|scientific name Euxoa auxiliaris |
common name Army Cutworm
Grasslands, croplands, meadows and other open habitats, including alpine.
In Alberta, adults are on the wing from mid May through September, with the peak flight in July and
A fairly large (4.0-4.5 cm wingspan) grey-brown moth, one of the largest Euxoa. There are several forms of adults; the most common with a black basal dash, black between the orbicular and reniform spot, a contrasting paler grey or yellow costa and a pale streak beyond the claviform spot. A less common form has an evenly-colored pale grey or pale brown forewing. Yet another form has dark brown forewings with white outlined reniform and orbicular spots.
Auxiliaris belongs to the subgenus Chorizagrotis, characterized by long, apically spatulate saccular extension and short harpes. The only other member of the subgenus in Alberta is E. adumbrata, which can be separated by it's longer harpes (more than 5 times as long as wide vs 3 times in auxiliaris).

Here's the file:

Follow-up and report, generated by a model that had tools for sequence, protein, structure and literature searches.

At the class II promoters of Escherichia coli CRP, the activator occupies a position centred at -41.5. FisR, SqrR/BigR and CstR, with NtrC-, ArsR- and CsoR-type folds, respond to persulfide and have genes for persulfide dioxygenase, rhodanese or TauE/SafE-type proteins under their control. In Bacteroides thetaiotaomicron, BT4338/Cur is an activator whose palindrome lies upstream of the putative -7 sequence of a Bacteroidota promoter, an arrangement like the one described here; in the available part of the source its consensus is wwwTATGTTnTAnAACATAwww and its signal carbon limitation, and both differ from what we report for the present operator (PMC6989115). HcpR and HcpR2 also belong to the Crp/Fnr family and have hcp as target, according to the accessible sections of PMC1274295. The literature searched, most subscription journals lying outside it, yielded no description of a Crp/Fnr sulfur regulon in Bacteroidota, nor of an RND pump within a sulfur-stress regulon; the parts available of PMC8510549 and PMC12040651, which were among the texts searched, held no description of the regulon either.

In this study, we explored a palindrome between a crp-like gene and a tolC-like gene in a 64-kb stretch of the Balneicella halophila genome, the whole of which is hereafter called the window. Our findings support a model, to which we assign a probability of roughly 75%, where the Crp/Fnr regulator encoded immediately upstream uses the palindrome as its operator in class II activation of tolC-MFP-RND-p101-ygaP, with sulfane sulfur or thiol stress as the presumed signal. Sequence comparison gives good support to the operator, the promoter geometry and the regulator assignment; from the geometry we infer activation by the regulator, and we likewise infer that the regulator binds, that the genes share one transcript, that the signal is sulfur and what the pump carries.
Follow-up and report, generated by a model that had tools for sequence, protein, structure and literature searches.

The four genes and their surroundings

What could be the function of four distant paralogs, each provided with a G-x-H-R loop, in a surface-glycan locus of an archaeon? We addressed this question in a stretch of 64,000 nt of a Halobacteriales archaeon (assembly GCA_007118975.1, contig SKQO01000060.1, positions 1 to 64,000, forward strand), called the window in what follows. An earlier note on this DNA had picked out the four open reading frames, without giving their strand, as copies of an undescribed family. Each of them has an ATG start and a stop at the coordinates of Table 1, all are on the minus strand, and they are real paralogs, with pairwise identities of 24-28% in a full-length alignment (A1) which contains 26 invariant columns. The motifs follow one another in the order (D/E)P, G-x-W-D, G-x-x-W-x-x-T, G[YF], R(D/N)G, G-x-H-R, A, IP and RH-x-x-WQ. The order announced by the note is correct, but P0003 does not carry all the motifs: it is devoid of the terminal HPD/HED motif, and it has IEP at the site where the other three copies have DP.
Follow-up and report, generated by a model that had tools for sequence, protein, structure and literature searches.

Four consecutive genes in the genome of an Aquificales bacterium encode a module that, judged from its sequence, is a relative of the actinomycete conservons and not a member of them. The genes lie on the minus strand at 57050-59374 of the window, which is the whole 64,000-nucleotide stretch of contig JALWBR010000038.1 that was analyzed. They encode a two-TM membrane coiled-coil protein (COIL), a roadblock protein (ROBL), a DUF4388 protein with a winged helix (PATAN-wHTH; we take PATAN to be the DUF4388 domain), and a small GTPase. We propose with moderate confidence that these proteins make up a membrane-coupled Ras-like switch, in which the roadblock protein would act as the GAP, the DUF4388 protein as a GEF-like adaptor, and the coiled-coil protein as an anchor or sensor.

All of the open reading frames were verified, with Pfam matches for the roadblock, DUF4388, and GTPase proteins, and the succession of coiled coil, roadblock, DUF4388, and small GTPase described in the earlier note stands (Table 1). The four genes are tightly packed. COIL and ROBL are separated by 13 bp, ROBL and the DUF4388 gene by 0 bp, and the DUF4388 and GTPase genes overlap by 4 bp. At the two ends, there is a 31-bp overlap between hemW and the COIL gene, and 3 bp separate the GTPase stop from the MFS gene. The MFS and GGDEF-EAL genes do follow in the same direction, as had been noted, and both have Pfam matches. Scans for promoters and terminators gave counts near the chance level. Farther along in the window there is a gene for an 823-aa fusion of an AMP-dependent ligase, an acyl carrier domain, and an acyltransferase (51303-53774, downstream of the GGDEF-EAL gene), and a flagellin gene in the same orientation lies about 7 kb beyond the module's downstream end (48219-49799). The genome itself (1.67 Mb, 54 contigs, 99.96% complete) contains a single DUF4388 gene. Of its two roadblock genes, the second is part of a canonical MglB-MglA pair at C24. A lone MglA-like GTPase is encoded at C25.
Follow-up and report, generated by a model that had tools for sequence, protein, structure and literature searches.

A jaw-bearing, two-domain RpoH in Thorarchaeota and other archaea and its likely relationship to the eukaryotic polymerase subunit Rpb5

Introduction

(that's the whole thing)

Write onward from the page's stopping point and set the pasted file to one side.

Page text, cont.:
After emerging in late spring or early summer, the adults migrate to higher, cooler elevation for the summer, returning in late summer and early fall to lay eggs, which hatch after a suitable rain. Eggs are laid directly onto the soil, with bare soils such as cultivated or overgrazed areas being preferred. The eggs hatch after a suitable rain, and they overwinter as partly grown larvae. The larvae resume feeding in the spring, pupate, and the adults emerge in late spring early summer. The larvae feed above ground at night and on cool days, hiding in the soil or under clods during the day. Many of the adults which emerge in spring migrate to high elevations to aestivate, returning to the lowland to lay eggs in late summer and fall. There is but a single brood of long-lived adults each year. Auxiliaris make up a large portion of the masses of moths that aestivate in rockslides in the mountains in Wyoming and Montana, and which are an important seasonal food for grizzly bears.
A common widespread pest species; no concerns.
A wide variety of plants and nearly all field crops including wheat, alfalfa, barley, potato, sugarbeets, other vegetables and grasses (Hein et al, undated). They have been found to prefer broad-leaved weeds over wheat in wheat fields (Peairs, 1999)
Widespread in western North America, north to the Northwest Territories and south to Northern Mexico, east on occasion to Michigan, Illinois and Missouri and Texas.
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